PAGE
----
Robert
WA6PHN
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Gerald - K5SDR, Employee

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Marc,

Are you using the same transverter on the 6600 and 6700 when on EME? 

How much RX gain is in the transverter? 

What is the signal spacing between your receiver and the interfering TX signal? 

How far is your EME antenna from the pager tower?  Is it pointing toward the tower?

Gerald
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Ken - NM9P, Elmer

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Listening to the Flex with a pair quality speakers is a pure pleasure.  Full, rich, articulate, and much less background noise than most other rigs.  Indeed, the reduced "fatigue factor" is huge!
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Marc Lalonde

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same setup as whit 6700 

kuhne MKU 144 G2 whit 25db conversion gain 
WA2ODO "ultra narrow" preamp  whit 0.122db noise figure @27db gain
whit 2MHZ wide DCI bandpass filter in front on LNA

i have make lot of bench test whit the 6700 and find that 144 XVTR VS the kuhne transverter have 1-2 db loss of signal  , both permit to got good echo back 

for avoid urban noise i limit my operation only when moon is above 10-15 deg elevation  

Best regard 
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Gerald - K5SDR, Employee

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Marc, 
  1. What is your total system gain?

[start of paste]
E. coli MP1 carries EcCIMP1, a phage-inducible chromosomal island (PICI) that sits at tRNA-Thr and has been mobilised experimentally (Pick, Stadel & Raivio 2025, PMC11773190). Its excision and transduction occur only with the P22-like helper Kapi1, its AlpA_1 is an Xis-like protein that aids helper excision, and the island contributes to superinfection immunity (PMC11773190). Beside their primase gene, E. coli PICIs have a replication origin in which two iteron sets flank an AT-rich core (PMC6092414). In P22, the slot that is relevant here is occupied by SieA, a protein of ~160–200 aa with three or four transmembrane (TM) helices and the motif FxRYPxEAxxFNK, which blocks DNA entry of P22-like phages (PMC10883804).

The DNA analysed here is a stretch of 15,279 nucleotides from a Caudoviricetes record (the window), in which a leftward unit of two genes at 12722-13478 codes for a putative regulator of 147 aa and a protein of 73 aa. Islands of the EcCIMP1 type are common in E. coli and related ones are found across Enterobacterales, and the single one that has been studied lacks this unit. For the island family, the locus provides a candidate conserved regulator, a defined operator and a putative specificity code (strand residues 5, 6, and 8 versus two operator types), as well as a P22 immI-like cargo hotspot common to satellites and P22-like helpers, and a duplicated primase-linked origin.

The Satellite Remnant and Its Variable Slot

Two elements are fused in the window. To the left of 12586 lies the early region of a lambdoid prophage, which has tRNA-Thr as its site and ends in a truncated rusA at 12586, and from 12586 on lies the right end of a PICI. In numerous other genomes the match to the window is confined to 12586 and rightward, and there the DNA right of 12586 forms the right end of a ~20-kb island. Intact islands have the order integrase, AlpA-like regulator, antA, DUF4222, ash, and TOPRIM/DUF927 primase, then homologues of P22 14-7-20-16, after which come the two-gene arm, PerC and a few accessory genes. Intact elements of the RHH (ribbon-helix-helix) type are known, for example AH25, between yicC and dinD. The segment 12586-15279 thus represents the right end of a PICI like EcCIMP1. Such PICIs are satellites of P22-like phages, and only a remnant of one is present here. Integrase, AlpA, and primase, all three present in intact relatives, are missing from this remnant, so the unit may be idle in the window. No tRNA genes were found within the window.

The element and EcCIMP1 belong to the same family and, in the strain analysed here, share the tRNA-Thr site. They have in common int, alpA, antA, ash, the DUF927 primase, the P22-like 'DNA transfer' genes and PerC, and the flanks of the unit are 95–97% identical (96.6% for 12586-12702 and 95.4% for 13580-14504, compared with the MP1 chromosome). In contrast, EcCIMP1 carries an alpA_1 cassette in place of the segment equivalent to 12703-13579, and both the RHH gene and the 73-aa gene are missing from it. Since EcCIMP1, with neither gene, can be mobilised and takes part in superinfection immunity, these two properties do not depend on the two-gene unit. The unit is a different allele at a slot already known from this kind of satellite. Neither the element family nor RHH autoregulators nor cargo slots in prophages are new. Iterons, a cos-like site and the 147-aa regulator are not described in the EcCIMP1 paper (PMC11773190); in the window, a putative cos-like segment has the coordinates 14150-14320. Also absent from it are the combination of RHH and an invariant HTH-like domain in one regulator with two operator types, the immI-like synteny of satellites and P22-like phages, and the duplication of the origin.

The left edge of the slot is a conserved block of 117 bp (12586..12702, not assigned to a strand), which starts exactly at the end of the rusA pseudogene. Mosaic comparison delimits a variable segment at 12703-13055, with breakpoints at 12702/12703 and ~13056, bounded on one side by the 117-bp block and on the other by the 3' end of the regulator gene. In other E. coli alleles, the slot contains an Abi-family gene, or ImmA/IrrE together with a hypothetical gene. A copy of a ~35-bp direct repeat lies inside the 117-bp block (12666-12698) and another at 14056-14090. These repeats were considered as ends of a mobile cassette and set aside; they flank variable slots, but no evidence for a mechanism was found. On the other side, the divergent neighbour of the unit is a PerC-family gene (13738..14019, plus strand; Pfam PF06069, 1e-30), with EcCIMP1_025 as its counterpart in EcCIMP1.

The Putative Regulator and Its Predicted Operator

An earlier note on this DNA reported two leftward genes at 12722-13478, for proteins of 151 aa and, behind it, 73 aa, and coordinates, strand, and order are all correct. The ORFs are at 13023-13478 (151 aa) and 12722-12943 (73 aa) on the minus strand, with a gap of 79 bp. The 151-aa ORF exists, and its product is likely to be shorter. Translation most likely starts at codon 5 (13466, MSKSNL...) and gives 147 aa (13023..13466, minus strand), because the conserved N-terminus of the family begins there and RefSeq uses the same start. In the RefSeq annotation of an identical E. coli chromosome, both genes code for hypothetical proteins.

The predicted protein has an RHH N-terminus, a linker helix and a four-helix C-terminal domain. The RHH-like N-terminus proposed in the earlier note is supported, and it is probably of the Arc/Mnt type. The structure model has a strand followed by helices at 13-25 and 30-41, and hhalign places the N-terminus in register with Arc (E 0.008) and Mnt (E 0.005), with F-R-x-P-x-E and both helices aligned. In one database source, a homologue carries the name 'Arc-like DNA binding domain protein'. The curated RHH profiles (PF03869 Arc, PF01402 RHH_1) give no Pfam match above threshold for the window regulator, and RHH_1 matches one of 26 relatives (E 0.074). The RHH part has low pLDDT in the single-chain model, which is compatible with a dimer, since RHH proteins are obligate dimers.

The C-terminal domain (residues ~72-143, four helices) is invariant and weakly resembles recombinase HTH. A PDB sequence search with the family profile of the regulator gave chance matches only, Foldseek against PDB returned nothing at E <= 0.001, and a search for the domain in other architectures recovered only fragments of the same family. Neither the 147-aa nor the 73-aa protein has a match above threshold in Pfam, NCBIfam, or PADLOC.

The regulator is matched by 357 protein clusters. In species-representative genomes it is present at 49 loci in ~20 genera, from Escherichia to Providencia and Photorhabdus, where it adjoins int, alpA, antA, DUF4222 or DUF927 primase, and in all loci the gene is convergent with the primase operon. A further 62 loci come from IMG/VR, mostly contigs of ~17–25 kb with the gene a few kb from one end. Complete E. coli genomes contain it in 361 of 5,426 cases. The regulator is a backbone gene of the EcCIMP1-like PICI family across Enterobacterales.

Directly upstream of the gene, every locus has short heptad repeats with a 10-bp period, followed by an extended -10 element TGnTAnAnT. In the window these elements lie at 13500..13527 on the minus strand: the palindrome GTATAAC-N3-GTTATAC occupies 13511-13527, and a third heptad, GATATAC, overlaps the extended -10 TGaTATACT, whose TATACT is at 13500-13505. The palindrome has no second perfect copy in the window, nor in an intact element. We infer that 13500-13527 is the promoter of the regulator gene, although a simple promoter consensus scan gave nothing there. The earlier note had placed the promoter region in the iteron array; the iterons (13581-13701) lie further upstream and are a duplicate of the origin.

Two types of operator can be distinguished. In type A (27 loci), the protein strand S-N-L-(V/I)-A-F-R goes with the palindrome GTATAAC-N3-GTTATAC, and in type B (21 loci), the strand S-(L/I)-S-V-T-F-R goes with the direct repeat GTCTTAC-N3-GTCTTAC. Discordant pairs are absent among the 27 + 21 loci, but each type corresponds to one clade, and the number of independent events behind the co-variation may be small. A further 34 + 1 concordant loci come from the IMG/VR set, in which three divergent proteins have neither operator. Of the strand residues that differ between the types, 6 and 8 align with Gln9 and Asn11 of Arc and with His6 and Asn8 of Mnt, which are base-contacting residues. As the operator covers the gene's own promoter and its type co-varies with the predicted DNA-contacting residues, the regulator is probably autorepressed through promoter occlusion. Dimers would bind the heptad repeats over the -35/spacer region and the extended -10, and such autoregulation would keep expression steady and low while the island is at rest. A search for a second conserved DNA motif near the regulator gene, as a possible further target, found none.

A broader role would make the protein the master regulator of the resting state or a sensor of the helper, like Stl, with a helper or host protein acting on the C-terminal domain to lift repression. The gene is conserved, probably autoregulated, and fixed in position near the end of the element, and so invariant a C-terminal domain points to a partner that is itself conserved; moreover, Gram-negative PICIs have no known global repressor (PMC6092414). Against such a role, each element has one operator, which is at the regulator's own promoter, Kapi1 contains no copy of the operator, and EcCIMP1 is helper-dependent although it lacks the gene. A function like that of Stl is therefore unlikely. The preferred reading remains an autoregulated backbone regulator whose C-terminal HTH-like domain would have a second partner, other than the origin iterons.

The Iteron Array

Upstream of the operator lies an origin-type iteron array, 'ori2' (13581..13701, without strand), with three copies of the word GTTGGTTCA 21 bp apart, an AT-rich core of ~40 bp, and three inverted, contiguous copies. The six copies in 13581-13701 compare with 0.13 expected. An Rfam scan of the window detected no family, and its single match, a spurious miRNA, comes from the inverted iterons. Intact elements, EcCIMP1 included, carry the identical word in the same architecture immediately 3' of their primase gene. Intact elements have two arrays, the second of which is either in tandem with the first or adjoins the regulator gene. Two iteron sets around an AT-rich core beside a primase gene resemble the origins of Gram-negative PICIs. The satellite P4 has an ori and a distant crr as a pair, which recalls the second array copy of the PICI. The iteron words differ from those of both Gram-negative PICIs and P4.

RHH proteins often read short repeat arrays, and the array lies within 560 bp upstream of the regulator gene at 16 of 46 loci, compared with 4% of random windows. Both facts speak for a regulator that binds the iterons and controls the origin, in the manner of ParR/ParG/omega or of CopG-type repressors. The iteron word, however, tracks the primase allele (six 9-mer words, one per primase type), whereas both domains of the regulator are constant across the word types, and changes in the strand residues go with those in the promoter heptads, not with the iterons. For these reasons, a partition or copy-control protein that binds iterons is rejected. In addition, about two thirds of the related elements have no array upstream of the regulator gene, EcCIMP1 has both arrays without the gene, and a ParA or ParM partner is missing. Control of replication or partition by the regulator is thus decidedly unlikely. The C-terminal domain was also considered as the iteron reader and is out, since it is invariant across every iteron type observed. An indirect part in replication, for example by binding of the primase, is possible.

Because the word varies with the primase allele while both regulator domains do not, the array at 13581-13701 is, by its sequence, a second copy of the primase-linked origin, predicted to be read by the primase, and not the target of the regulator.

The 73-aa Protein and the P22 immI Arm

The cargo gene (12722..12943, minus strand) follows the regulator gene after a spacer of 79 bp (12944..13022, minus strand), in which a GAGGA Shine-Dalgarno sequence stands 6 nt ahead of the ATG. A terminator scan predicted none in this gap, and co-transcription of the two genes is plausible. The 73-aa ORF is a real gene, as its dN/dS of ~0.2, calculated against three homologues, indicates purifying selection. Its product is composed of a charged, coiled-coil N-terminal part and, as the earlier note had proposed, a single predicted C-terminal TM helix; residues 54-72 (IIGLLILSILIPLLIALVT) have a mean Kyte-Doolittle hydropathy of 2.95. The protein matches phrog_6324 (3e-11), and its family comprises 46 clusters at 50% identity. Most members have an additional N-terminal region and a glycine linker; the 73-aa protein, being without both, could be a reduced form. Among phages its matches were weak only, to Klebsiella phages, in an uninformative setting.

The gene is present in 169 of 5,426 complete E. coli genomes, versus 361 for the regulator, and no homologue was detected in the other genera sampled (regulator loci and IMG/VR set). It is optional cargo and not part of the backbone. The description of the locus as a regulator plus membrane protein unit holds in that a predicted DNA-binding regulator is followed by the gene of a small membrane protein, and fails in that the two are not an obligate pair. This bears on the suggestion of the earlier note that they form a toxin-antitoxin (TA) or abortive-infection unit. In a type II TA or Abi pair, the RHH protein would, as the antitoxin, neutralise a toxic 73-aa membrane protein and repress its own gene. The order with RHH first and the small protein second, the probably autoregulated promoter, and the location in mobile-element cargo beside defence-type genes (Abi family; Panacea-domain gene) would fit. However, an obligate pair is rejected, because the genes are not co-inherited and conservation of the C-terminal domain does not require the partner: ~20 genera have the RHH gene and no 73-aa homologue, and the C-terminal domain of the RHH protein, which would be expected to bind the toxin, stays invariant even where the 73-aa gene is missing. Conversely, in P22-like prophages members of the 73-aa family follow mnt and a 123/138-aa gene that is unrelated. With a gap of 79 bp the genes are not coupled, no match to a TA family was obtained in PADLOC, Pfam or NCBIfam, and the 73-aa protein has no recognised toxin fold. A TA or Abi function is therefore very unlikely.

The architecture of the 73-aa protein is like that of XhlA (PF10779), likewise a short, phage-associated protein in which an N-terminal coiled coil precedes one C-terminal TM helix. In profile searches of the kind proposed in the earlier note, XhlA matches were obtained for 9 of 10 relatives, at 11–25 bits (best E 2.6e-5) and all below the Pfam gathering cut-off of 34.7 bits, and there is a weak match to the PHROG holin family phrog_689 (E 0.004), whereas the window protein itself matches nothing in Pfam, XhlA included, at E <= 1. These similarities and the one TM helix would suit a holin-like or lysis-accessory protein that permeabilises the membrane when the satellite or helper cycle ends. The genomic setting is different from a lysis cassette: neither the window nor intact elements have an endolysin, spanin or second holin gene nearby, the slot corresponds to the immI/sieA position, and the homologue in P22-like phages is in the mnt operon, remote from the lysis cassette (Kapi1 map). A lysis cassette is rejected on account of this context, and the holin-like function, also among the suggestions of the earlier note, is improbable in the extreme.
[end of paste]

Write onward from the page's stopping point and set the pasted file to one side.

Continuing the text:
2. What is the signal strength of the interfering signal?
  3. What is the frequency spacing from the interfering signal to your passband?
Gerald
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Robert Lonn

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I probably listen more than I TX... That is because I am on my desk computer doing work related stuff with the radios on in the background... So I dont like to get listening fatigue. The Flex recovers audio better then even my Drake R8B, and that was a radio known for great audio fidelity... I have the Flex hooked up to a Sony Classic- Vintage amplifier driving a Hallicrafters Speaker.. Amazing Audio Quality!!! Two Speakers for Stereo MONO Audio! LOL

(Edited)
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Matt NQ6N

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My interpretation of the PEN announcement and the comments I read yesterday is that perhaps the biggest factor in the Sherwood ranking difference between the 6600 and 6700 is that the 6600 does not yet have a firmware update (which has already been released for the 6700) that will provide a bit of additional dynamic range in strong signal conditions (such as Sherwood's test setup). 

So I would guess that a 6600/6600M with the firmware update AND PEM updates will rise in the Sherwood rankings.   Note that the Sherwood rankings for the various tests of the 6700 do not seem to indicate whether the firmware update was installed, so it's not clear what impact it had on the results in the various tests.